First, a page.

Its true that so far, everything points to individuals abusing their positions to fill their boots. Where-ever there's a river of cash, someone will always try to divert a bit here and there.
Dubai sets top priority as war on corruptionThere was the report in the Gulf News that real estate giant Nakheel's general manager of sales, Walid Al Jaziri, is being questioned by authorities for taking kickbacks. Nakheel is the Dubai World company behind the three huge Palm Islands projects.
Last Updated: August 18. 2008 12:32AM UAE / August 17. 2008 8:32PM GMT
The investigation has received widespread publicity and the shares of companies where questioned executives have worked have fallen sharply.
On the heels of criminal investigations into two senior businessmen in Dubai, the Public Prosecutor’s Office said that “fighting corruption is at the top of the [Dubai] Government’s priorities”.
The unusual public statement, released through the media office of Dubai’s Ruler, was the first formal acknowledgement that the emirate’s authorities are conducting a series of investigations aimed at alleged white-collar financial improprieties.
“Any employee exploiting his position to make illegal profits will not have immunity,” the prosecutor said. “The strictness with which some violations that emerged in the recent past were dealt with confirms the Government’s commitment to maintaining the highest global standards in fighting corruption and enhancing its achievements in the economic, financial and legislative fields.”
The statement came just days after it was revealed that two businessmen – Adel al Shirawi, the vice chairman of Istithmar World and former chief executive of Tamweel, and Walid al Jaziri, the general manager of sales at Nakheel – were being questioned on allegations of financial irregularities. The investigation has received widespread publicity and the shares of companies where questioned executives have worked have fallen sharply.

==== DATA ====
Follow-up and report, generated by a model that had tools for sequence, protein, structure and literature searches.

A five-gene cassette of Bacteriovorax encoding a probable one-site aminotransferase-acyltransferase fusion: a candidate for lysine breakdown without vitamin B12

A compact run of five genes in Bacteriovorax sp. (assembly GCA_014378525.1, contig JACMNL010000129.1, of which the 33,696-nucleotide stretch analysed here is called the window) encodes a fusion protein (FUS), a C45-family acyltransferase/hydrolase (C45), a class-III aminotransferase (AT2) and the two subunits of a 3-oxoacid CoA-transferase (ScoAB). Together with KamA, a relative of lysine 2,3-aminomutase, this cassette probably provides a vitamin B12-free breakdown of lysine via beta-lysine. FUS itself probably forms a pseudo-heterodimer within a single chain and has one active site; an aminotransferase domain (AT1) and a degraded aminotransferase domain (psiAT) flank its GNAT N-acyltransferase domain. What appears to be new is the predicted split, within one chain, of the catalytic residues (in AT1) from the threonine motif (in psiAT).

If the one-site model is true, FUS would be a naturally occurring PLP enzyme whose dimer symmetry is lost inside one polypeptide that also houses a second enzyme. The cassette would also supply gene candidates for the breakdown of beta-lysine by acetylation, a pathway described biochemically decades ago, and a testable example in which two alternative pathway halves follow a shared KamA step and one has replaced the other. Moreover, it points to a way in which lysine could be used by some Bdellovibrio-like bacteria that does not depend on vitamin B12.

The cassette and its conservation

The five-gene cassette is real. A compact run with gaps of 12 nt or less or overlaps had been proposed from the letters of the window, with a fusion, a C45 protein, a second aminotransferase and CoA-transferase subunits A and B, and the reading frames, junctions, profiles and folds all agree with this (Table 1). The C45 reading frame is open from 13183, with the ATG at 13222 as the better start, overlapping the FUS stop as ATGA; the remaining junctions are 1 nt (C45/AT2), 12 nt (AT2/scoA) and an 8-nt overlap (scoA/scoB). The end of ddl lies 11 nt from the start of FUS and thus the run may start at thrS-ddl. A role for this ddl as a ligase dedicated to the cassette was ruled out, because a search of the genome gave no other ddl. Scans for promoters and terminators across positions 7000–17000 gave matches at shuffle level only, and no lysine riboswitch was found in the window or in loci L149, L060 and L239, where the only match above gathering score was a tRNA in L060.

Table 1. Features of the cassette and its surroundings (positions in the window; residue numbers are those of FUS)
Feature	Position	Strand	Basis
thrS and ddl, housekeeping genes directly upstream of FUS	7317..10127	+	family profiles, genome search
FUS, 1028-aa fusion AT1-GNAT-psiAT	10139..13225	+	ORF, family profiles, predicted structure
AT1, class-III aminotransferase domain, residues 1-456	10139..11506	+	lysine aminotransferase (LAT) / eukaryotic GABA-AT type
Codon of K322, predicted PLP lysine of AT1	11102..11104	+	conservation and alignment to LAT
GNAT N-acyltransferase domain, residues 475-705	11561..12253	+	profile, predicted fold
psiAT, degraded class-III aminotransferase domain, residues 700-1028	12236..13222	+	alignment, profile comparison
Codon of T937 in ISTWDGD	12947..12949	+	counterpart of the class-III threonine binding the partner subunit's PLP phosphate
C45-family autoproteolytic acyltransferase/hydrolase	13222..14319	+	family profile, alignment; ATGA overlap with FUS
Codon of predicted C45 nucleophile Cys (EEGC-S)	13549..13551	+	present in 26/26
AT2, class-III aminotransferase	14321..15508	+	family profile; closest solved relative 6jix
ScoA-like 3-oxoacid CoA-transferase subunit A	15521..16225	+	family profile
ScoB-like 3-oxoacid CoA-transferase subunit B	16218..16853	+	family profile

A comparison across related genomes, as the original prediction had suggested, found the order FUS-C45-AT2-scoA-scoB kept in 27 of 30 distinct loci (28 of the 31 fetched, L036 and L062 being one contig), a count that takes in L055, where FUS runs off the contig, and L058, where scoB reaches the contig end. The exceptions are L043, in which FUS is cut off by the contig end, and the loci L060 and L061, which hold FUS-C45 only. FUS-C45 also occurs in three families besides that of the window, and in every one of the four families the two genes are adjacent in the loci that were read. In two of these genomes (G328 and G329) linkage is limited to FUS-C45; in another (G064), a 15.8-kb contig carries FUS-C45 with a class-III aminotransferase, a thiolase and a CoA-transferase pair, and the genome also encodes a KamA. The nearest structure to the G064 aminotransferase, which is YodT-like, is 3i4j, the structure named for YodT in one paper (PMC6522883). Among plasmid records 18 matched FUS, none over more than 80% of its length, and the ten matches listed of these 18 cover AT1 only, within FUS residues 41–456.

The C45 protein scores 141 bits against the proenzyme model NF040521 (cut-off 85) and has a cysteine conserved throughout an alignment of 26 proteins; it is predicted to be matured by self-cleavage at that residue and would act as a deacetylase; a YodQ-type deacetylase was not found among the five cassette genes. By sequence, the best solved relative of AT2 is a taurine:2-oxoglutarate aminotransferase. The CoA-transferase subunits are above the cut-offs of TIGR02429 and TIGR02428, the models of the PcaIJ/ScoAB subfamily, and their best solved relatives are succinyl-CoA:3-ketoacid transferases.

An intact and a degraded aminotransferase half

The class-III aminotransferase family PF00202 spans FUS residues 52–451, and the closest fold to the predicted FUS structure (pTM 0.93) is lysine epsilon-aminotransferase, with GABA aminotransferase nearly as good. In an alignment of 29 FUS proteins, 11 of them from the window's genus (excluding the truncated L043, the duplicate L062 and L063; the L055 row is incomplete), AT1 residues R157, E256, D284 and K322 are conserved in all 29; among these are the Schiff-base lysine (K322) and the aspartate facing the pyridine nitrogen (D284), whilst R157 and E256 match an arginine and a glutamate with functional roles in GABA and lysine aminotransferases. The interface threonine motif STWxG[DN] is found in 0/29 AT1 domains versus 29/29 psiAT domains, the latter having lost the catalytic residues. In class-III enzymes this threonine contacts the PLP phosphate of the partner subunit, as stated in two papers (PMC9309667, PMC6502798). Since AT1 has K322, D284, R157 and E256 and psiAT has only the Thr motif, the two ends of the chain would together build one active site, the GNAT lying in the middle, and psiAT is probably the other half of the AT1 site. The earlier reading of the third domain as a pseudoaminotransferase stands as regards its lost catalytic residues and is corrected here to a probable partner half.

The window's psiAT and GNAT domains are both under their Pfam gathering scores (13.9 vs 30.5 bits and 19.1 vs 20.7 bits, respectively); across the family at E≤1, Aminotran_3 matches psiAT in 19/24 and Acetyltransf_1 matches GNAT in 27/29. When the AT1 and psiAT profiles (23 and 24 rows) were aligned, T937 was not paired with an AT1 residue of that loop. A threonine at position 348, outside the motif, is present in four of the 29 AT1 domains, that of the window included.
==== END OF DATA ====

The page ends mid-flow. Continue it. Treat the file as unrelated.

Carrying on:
“The Government will continue to have a strict stance against all aspects of corruption and will take legal measures against violators,” said the statement, which was distributed by the media office of Sheikh Mohammed bin Rashid, Vice President of the UAE and Ruler of Dubai. “There will be no tolerance shown to anybody who tries to exploit his position to make illegal profits.”
The Government of Dubai’s investigation into corruption first emerged publicly in April and has revolved around some of the biggest corporate names in the city, although all of the companies say the investigations concern alleged improprieties by individuals, not corporate behaviour.
Zack Shahin, the former chief executive of Deyaar Development, was arrested in April on charges of fraud. The investigation was then expanded to include Dubai Islamic Bank and other senior businessmen were arrested.
Mr Shahin has maintained his innocence. Mr Shirawi and Mr Jaziri have not been available for comment.
While the arrests have been widely reported, prosecutors have released no details or evidence supporting allegations of improprieties against any of those arrested or questioned. The Public Prosecutor’s Office said the results of the “ongoing investigation” would be announced when they were complete.
“The Dubai Government follows a transparent and clear policy on such issues,” the statement said. “There are strict directives to have zero-tolerance towards all aspects of corruption, bribing and taking advantage of officials’ positions.”